Brain Research in the Womb

24 August 1999 6:00 pm

Brain scientists may have a new window into an unborn child's mind. Researchers have shown that functional magnetic resonance imaging (fMRI)--an imaging technology that has sprouted only in the past decade--can detect changes in fetal brain activity in response to sounds from outside the womb. The finding, published in the 21 August Lancet, opens up new possibilities for studying brain development.

Brain activity in unborn children has been hard to study, and neonatologists have been forced to rely on indirect measures--such as heart rate--for clues to neural activity. Within the last decade, however, new technologies have given researchers a more direct look at the workings of adult brains. Among them is fMRI, a collection of techniques that uses magnetic fields and sensitive detectors to spot active brain areas by telltale increases in blood oxygen. Researchers have used fMRI to probe people's neural responses to a wide range of stimuli, from pictures to questions.

Now, physicist Penny Gowland and colleagues at the University of Nottingham in England have used the technique to see how unborn children respond to their mothers' voices. The researchers asked four pregnant women to record a nursery rhyme, then scanned their abdomens while the poem was replayed through a loudspeaker aimed at each woman's belly, with 15 seconds of audio stimulation alternating with 15 seconds of silence. In 2 cases, the researchers were able to capture "significant" activation of the child's temporal lobes, coinciding with the times they were being exposed to their mothers' voices. The study represents "a completely new application of fMRI," says Gowland, and demonstrates that fetal brain activity related to outside sounds can be more directly measured.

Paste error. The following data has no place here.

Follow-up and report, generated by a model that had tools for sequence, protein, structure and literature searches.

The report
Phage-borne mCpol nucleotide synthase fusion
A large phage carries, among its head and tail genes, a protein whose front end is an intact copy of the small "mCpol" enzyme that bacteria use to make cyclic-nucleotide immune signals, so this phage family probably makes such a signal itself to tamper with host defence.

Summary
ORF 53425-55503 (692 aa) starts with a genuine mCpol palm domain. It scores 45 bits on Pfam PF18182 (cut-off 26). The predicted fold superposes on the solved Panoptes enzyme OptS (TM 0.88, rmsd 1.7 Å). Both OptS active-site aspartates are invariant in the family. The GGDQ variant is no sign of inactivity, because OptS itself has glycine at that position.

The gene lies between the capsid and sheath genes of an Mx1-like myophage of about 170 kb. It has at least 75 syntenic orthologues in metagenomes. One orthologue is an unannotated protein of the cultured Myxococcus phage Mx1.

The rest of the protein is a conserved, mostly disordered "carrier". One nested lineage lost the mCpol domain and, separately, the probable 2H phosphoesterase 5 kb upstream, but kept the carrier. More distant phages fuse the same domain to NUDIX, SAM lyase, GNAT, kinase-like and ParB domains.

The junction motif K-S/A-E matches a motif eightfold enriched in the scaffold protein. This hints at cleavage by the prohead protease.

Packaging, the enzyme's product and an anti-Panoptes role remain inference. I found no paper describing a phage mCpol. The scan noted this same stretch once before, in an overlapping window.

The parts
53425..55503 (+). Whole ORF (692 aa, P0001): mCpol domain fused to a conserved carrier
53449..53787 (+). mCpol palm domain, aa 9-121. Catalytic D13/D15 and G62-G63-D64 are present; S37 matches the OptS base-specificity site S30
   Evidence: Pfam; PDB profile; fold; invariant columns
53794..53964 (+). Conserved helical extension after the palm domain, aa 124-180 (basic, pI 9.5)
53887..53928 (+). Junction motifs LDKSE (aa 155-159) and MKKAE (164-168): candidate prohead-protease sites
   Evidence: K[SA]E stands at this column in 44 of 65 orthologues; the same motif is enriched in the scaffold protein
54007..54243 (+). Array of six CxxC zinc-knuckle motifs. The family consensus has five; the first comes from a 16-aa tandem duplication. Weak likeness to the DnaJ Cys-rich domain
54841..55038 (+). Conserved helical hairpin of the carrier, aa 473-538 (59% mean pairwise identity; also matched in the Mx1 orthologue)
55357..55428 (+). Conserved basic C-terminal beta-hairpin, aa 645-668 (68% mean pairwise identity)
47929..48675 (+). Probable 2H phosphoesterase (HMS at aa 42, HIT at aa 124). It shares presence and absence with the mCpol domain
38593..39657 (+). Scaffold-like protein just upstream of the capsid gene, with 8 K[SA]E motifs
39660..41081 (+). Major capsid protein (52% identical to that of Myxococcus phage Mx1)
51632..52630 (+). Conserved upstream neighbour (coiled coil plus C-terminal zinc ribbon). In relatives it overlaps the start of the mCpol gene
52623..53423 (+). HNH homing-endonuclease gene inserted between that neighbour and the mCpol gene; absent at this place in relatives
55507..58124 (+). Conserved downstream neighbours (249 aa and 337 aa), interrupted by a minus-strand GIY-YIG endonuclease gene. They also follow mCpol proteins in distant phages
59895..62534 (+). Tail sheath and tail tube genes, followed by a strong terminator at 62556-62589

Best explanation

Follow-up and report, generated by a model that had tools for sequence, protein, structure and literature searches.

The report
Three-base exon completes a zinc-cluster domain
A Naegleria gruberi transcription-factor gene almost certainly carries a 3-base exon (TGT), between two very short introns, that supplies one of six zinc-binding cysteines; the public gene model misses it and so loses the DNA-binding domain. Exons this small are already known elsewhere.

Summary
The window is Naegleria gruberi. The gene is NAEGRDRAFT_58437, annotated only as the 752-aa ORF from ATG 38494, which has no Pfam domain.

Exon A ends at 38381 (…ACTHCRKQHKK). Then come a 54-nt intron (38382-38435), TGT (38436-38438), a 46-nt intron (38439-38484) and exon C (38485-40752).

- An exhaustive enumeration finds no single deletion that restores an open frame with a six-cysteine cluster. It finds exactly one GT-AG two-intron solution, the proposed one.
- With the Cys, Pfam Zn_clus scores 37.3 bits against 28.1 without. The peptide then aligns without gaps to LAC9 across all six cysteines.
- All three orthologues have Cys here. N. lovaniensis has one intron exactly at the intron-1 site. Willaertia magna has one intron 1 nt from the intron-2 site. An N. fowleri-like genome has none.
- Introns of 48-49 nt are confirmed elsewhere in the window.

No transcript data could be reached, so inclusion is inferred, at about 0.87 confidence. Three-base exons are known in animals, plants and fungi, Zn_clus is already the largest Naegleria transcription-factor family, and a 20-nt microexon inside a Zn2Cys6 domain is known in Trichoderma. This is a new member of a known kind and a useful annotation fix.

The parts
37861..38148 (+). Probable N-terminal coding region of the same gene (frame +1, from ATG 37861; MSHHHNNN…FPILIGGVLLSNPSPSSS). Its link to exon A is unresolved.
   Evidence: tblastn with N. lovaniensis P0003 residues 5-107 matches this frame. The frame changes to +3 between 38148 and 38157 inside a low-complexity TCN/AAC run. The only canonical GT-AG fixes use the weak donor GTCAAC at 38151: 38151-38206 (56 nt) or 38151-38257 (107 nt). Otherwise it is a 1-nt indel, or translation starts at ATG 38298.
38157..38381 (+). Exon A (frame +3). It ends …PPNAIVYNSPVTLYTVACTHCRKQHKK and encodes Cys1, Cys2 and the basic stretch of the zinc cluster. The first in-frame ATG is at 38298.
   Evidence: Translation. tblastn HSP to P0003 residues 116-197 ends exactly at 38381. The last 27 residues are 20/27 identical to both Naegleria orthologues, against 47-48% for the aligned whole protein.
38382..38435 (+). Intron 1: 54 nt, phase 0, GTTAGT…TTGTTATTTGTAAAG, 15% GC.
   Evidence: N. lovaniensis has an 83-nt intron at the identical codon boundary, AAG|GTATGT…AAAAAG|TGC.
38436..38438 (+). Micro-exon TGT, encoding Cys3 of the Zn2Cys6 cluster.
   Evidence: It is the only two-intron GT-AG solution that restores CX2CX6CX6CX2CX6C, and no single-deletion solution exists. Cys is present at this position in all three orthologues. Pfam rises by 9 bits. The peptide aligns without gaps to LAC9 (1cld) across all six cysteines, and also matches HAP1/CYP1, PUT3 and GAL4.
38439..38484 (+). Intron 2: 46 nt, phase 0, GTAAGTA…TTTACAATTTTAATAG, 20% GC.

The work is "a real technical feat," says cognitive neuroscientist James Haxby, chief of the Section on Functional Brain Imaging at the National Institute of Mental Health. He believes "it's just a matter of years before sensitivity is vastly improved," leading to more detailed studies of brain development.

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